Sheriff Charles Maxwell didn’t know it was Barrow, at least not at first. But he went over to the car anyway.
Some say he thought the group looked suspicious.
Others insist that he just wanted to tell the guys to put their moonshine away, since Prohibition was still in effect.
Either way, the conversation didn’t go well.
On the west side of U.S. 69 about two hours south of Tulsa, a stone marker commemorates “The Stringtown Shootout” of Aug. 5, 1932.
By most accounts, it really wasn’t much of a shootout.
The sheriff noticed a gun in the car and then recognized Barrow.
“You can consider yourselves under arrest,” witnesses heard him say just before he fell to the ground with seven gunshot wounds.
Maxwell somehow survived. But his deputy, Eugene Moore, took a fatal bullet to the head before he could fire a single shot.
Barrow and his gang got away. And that’s about all the excitement that ever came to this little town.
Until now.
Maybe Stringtown needs a second historical marker in this very same spot  –  to remember a disaster that was averted and the unlikely hero who saved a man’s life.

Night watchman

A doctor had told 85-year-old Leland Duff that he shouldn’t live alone anymore, so he moved to South Dakota to stay with his son.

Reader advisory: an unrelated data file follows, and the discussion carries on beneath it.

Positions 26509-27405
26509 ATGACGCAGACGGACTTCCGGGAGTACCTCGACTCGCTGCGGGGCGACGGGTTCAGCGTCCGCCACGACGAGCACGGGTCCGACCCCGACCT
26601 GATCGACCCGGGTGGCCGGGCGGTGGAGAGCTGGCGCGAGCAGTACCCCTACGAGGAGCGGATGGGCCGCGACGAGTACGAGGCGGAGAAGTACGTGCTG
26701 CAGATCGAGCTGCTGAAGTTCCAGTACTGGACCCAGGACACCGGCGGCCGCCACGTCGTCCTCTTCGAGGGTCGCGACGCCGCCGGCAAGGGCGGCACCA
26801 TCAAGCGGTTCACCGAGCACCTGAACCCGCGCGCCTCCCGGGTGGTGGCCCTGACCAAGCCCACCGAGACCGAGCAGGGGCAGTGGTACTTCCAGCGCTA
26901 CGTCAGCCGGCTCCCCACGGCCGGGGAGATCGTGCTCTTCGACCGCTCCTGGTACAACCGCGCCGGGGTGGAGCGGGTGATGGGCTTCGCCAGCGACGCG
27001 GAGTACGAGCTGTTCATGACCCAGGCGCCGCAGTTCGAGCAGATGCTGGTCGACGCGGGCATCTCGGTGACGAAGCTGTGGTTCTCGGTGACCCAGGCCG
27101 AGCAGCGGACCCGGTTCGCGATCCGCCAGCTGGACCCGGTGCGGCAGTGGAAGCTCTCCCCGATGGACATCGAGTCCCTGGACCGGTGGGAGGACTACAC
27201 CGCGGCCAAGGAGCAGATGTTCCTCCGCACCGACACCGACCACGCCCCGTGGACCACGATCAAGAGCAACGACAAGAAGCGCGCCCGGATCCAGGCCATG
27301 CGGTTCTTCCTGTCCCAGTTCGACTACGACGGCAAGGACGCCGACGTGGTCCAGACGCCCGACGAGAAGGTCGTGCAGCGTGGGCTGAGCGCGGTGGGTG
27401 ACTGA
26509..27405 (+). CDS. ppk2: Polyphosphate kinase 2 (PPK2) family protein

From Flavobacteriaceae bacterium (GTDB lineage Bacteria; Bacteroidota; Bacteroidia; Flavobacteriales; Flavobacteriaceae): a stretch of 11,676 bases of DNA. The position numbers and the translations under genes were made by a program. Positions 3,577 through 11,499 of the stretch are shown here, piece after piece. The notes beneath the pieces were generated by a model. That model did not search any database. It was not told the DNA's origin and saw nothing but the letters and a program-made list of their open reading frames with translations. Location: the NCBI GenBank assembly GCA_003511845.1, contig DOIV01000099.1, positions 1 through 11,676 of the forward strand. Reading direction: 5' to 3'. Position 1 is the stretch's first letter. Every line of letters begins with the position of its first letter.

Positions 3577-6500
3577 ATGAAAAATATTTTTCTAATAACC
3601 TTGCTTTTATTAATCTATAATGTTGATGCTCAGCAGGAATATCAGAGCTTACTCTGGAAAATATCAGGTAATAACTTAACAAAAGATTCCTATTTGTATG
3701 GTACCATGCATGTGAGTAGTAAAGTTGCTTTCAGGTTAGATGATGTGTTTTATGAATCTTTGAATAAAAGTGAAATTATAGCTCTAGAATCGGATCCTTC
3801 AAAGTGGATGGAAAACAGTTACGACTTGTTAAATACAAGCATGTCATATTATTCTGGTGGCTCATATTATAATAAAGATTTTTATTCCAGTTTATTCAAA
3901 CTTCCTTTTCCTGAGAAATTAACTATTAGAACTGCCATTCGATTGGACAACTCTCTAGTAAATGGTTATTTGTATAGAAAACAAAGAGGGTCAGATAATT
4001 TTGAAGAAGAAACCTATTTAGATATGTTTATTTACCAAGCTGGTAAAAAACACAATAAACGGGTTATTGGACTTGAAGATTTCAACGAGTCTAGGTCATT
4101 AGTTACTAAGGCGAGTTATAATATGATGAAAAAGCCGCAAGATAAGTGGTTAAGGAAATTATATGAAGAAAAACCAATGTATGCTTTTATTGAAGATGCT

“It was unbelievably cold,” he says. “And I didn’t have anything to do up there but sit around all day.”
A couple of friends offered to drive 1,600 miles round-trip to bring him back to Oklahoma last year. But Duff doesn’t take charity.
He would come but only if he could repay them by working at their family fruit stand.
The place didn’t have a name. The sign just said “Tomatoes and Peaches.” But locals knew it was the famous old saloon.
Instead of contraband whiskey, Phyllis McPherson kept watermelons behind the bar. Where a jazz band used to play, she piled up cartons of squash and cucumbers.
“It wasn’t a very big place,” McPherson explains. “Back then, a tavern didn’t have to be. But it was big enough for us.”
Duff slept in a back room, partly because he didn’t have anywhere else to go. But the fruit stand also needed a night watchman.
“People around here have a habit of picking things up and walking off,” Duff says, “especially when nobody else is looking.”
About a year ago, a stray cat started coming around, and Duff would leave food out for her.
She found a place to squeeze through a crack in the walls, coming and going as she pleased. But she never bothered Duff, until one night in early April.
“About 4 a.m.,” he remembers, “she jumps up on my bed and lets out a big ‘meow.’ I thought, ‘What’s wrong with this cat?’ ”